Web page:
Canada
According to a statement on the Anglican Church of Canada website, a third “
Continuing Indaba” meeting was near Toronto involving “Seventeen bishops from Africa, Canada, and U.S. met for prayer and discussion of two topics: mission and the proposed Anglican Communion Covenant.” The 10 African bishops and two Primates came from Kenya, Central Africa, South Africa, Burundi, Tanzania, Botswana, Zambia, Sudan, Ghana and Malawi.

New Brunswick-based Threshold Ministries, previously known as the Church Army, has named Shawn Branch as its new national director effective October 1.

According to the Church of England Newspaper,
“The Anglican Church of Canada will draw upon its endowment funds to close a 7.25 per cent deficit in its budget for fiscal year 2011….” The $873,000 deficit was reduced through the use of income from “undesignated legacies”.

Writing in the National Review, Michael Coren warns Americans of the intolerance of dissenters seen in Canada since same-sex marriage became law in 2005. He says,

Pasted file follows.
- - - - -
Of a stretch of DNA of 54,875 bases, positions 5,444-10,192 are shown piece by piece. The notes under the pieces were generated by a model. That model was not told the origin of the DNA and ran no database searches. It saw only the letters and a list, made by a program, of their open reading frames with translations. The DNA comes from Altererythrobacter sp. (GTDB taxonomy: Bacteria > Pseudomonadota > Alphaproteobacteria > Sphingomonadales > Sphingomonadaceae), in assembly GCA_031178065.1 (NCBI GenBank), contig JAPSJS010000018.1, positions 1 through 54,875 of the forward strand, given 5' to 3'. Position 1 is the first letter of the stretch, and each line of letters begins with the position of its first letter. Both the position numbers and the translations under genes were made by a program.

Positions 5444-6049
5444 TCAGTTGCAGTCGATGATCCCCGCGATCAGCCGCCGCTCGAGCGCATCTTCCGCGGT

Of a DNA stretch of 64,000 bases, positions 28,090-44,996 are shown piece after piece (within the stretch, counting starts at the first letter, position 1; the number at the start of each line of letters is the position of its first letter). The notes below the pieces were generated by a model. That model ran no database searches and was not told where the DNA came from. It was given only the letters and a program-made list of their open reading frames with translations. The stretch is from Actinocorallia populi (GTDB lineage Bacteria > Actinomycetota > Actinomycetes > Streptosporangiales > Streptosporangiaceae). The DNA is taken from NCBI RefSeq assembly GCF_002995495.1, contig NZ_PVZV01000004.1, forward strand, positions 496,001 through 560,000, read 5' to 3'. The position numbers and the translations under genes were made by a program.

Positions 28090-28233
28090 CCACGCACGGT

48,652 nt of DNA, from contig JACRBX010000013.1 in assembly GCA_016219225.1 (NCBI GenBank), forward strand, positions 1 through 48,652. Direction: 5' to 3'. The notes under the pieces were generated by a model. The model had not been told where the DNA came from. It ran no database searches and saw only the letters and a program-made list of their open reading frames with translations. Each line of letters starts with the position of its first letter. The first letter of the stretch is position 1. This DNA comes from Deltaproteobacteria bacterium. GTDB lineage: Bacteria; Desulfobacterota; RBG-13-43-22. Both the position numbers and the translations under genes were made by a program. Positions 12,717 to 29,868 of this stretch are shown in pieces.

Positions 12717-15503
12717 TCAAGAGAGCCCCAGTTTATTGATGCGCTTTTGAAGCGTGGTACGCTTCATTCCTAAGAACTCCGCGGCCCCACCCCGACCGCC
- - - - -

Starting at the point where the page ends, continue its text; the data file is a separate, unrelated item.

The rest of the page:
“What we’ve… discovered in Canada is that… once gay marriage becomes law, critics are often silenced by the force of the law… Although precise figures about gay marriages in Canada are elusive, there are thought to be fewer than 30,000, after an initial surge of around 10,000 as soon as the law was passed. But if large numbers of gay people failed to take advantage of the law, the law certainly took advantage of its critics. Again, definitive figures are almost impossible to state, but it’s estimated that, in less than five years, there have been between 200 and 300 proceedings — in courts, human-rights commissions, and employment boards — against critics and opponents of same-sex marriage. And this estimate doesn’t take into account the casual dismissals that surely have occurred.”